Tie Dye For (Part 1)

You liked my faded jeans blog so well that here is another great idea for the hippy-hip kids who want a thrifty way of saving that stained t-shirt and giving it a whole new look by tie-dying it.


1) Pick a Shirt.  An old white cotton shirt is best (100% Cotton), the perfect way to recover that nice white shirt with the stain that won’t come out.  You won’t notice it when we are done! You can use 50% polyester and 50% cotton blend but you need to know that dyes only bond well with natural fabrics like cotton, rayon, or silk.


2) Buy Your Procion Dye. You only need to use 3 colours: Lemon yellow, Fuchsia Red and Turquoise because with these colours you can get any colour of the rainbow.  I had heard that Procion brand dyes work the best and when I looked into it I saw that Procion is just a brand of special cold reactive dyes that many companies make because the patent expired on it a long time ago - so it’s not hard to find. I found it at my local artist supply store.


3) Gather up some tools of the trade.  You will need a few squeeze bottles for each of the colours you will be using on your shirt (old mustard bottles work great), rubber gloves so you won’t stain your hands and plenty of rubber bands (my Mom saves all the elastics from vegetables) and a large zippered plastic bag to store your shirt in while its absorbing the dye.  Also you will need soda ash and urea and don’t forget some plastic to put down over your working space (cut open garbage bags are cheap and work good) and plenty of old rags to mop up the spills! You can get the soda ash at pool and spa stores. You can also buy dye kits and everything you need from a dye store and they are great about giving advice.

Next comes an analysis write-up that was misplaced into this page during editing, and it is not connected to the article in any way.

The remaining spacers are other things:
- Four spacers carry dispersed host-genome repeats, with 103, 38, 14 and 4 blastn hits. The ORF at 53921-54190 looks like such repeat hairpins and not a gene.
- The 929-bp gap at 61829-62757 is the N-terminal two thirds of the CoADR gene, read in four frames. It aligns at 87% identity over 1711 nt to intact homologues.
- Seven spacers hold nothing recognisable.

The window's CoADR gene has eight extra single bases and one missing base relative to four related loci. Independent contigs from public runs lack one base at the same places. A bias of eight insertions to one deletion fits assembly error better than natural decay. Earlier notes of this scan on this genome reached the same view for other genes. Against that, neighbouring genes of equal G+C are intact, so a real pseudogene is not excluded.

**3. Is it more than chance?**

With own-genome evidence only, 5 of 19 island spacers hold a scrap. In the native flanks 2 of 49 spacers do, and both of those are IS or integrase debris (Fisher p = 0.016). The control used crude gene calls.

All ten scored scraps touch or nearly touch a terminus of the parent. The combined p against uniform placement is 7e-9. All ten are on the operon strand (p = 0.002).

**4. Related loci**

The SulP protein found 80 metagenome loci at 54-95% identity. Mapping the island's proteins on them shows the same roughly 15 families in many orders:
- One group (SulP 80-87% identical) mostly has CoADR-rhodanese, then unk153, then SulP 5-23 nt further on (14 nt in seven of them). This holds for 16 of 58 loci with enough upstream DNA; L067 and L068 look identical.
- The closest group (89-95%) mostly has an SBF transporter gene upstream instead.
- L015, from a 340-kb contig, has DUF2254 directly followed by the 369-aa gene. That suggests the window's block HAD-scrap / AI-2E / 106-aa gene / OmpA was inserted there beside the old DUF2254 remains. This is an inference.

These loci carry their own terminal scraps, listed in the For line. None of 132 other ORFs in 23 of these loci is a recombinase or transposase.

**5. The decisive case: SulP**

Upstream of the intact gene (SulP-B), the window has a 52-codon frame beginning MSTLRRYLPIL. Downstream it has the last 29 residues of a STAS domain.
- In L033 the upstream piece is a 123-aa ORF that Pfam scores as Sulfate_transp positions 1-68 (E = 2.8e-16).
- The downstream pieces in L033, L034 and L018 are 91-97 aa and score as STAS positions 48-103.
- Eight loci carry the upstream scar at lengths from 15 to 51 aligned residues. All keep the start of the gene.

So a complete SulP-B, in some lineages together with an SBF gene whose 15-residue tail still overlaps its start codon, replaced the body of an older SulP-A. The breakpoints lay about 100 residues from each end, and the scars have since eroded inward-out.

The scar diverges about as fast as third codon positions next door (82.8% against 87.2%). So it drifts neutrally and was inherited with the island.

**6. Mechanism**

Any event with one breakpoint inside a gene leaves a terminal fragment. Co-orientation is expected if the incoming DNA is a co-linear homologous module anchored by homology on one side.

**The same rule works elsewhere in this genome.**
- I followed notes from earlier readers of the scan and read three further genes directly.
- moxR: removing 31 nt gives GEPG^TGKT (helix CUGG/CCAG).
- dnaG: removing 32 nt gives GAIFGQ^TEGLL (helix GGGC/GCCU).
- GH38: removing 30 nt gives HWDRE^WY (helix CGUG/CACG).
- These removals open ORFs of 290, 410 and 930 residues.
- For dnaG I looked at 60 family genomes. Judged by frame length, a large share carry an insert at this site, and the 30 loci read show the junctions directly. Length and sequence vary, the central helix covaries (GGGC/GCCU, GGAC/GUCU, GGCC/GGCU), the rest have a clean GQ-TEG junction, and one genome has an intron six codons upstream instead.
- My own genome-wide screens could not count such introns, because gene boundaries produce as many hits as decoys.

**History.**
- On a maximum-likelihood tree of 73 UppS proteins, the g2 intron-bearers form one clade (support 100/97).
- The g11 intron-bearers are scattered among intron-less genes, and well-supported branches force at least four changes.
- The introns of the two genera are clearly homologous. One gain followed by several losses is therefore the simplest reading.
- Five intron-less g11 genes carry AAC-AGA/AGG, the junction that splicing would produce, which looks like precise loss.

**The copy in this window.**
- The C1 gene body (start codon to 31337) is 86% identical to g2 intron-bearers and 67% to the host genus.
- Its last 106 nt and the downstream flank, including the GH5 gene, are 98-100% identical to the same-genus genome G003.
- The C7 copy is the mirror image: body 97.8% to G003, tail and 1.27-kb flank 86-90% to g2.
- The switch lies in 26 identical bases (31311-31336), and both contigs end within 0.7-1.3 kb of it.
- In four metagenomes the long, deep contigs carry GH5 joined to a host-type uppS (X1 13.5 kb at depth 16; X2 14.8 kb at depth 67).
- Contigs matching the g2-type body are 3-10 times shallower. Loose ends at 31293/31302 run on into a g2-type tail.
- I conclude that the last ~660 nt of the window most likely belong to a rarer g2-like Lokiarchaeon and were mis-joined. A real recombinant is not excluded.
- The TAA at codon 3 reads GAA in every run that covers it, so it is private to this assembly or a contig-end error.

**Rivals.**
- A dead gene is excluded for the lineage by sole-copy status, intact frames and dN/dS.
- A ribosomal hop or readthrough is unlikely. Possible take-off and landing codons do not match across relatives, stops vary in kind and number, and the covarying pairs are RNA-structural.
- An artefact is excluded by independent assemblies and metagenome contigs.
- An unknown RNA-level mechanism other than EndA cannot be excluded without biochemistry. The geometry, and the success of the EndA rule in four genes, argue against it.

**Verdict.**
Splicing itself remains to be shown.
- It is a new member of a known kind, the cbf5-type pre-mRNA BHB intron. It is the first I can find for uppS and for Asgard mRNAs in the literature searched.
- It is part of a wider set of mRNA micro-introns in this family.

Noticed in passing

4) Prepare the canvas.  You should probably put the gloves on at this point because if you have a cut, this solution will sting! It is very important that you pre-soak the shirt in a solution of 4 litres of WARM water and 1 cup of soda ash for 10 to 15 minutes. This will prepare the fabric of shirt to absorb the dye. If you are using a new shirt you have to wash it a couple of times before this step to get rid of the newness.  Brand new fabric has something in it that will prevent the dye from bonding and you may get a streaky effect. Make sure the water is about the same temperature as a babies bath and Gramma taught me to add a couple of tablespoons of normal table salt to the mix because that helps too.


5) After 10 minutes has gone by, spin or ring out your shirt as best as you can. The better spun out it is, the more that the dye will soak in. Follow all of these pre-soaking tips otherwise your dyes will not bond with the fabric as well as they possibly could.


I’m going leave this blog here for now because I’m dying (get it?) to get a couple of shirts tied tonight and Teresa is on her way over to get a few of her own done so you will have to wait for part 2 of this blog so I can show you how to make the shirt pie.  Plus, Teresa says she has a couple of new tricks to show me and I want to learn them so I can teach them to you!


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